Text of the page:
6 Reasons to Try Shiokara with Sake!

7 Interesting Thoughts of Japanese Family

Shiokara is one of a variety of dishes known as “chinmi” which, loosely translated, means ‘rare tastes’ but could be taken to mean ‘things that only the Japanese are mental enough to eat’. It consists of strips of flesh of sea creatures, often squid, preserved with about 10% salt in their own viscera (yes, their innards!). Other ingredients may also be added, such as shichimi (seven spice mix), mountain wasabi, mirin or grated yuzu peel. The mixture is then allowed to ferment for anything from one to six months. The flavor is fishy, salty and a little spicy, with what is often described as a viscous texture and a strong odor, a perception that may be initially off-putting to a foreigner’s palate. However, it is usually served in quite small quantities as an accompaniment to meals with sake. Of course, it is an acquired taste, even for many Japanese, but some people make their own and eat it on rice, so it’s not just a drinking snack. So, let’s see if I can persuade you to try it too!



 

6 Reasons to Try Shiokara with Sake!

 

1. It’s a Cultural Thing!

Many popular dishes in Japan are comparatively modern, but shiokara is far older. While 11th century Vikings were eating fermented shark, the Japanese were tucking in to shiokara and, given the long history of squid fishing here, it is probable that ika no shiokara was one of the earliest types. It is still the most commonly eaten shiokara and can be considered an iconic part of Japanese food culture. If you came to Japan to sample our culture, put ika no shiokara with a sake chaser on your list of things to experience!

 

2. When in Rome…

There are many restaurants and drinking establishments that specialize in shiokara, but you don’t have to go looking for it… most often, shiokara finds you! In older style izakaya and sushi shops, a small complimentary dish of shiokara will often magically appear at your table when you order sake or shochu, or a set menu. And if you are someone’s dinner guest, they may order shiokara for you to try. In either case, we Japanese would feel a strong sense of obligation to accept what we were served, and so should you… just make sure your sake cup is full and close to hand!

 

3. It’s Good for You… probably

Seafood is high in protein, vitamins and minerals, but low in calories and fat. Its many health benefits include reduced risk of heart attack, stroke, obesity, and hypertension. Remember this when you are confronted by a dish of specialty shiokara such as ganzuke (crab), mefun (salmon) or uruka (ayu or ‘sweetfish’) as it will offset any concerns you had about the salt content, or all that sake you’re guzzling!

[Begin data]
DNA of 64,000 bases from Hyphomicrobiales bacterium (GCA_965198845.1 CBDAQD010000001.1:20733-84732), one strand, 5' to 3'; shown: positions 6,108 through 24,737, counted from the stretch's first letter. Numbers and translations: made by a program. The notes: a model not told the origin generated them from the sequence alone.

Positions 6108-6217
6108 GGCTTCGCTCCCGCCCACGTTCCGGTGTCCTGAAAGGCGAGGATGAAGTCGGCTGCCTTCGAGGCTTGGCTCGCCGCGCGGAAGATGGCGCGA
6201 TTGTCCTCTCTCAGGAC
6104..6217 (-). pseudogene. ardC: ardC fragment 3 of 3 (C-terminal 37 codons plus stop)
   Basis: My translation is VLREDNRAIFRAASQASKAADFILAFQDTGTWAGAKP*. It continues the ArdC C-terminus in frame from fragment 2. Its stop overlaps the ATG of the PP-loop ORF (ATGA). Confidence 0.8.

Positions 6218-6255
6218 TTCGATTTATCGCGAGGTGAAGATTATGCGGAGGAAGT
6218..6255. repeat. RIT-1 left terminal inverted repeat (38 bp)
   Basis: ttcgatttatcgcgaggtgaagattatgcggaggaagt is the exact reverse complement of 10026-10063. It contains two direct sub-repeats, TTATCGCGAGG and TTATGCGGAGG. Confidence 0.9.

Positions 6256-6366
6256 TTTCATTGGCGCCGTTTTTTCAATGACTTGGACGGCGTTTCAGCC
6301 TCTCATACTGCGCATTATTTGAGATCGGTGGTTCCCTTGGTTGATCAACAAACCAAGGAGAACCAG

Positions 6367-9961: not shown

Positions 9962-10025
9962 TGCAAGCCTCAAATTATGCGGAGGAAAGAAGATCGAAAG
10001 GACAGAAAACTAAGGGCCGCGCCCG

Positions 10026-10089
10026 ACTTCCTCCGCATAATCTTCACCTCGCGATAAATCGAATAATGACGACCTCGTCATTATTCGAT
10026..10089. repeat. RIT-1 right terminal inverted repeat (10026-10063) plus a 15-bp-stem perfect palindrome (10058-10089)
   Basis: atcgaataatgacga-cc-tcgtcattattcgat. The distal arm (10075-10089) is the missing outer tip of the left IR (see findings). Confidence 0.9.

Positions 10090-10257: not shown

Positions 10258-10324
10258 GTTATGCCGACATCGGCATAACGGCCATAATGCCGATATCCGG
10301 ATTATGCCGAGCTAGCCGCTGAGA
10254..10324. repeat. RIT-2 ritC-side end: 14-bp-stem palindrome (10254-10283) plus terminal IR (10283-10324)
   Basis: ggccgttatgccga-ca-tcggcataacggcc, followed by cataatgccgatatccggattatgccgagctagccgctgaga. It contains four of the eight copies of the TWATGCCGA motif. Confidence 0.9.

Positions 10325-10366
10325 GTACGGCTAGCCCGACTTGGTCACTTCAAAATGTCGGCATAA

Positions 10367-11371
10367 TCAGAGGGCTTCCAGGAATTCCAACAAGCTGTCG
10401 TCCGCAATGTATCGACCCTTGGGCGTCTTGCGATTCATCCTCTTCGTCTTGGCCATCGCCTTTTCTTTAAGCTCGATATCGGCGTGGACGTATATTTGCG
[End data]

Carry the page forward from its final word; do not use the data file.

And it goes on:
4. It’s Nice and Salty… yum!

Being so salty, shiokara goes well with alcoholic beverages, or is it the other way around? Certainly, the more you consume, the thirstier you’ll get, and the more drinks you’ll order (sake, for example), and that will make you popular with bar owners.

 

5. It’s Not as Awful as it Sounds!

Actually, it might be… if you can’t find a shiokara you like, but I think most people find a favorite in time. I can usually gulp down a dish of squid shiokara in company, but if I had to choose, I’d prefer shuto, which is a specialty shiokara made with tuna… a great combination with sake.

 

6. You Can’t Resist a Challenge!

You might think uni (raw sea urchin) and natto represent the biggest Japan food challenges to overcome. But how about trying uni no shiokara (made with sea urchin roe), or kaki no shiokara (oyster), or the specialty konowata (sea cucumber)? There’s a special kind of kudos for braving these delicacies, and if you need a little Dutch courage, order an extra flask of sake!

 

Conclusion

Why is sake such an important part of the shiokara experience? Perhaps because in the centuries before we had beer in Japan, sake was all there and, was evolving tradition has done the rest. Of course, you can have shiokara with tea or just water, as many people do, but the thing about alcohol is it reduces inhibitions. Still, you don’t have to be drunk to enjoy shiokara as an occasional delicacy. Try the shiokara and sake experience for yourself; you might be pleasantly surprised!

 

6 Reasons to Try Shiokara with Sake!

1. It’s a Cultural Thing!
2. When in Rome…
3. It’s Good for You… probably
4. It’s Nice and Salty… yum!
5. It’s Not as Awful as it Sounds!
6. You Can’t Resist a Challenge!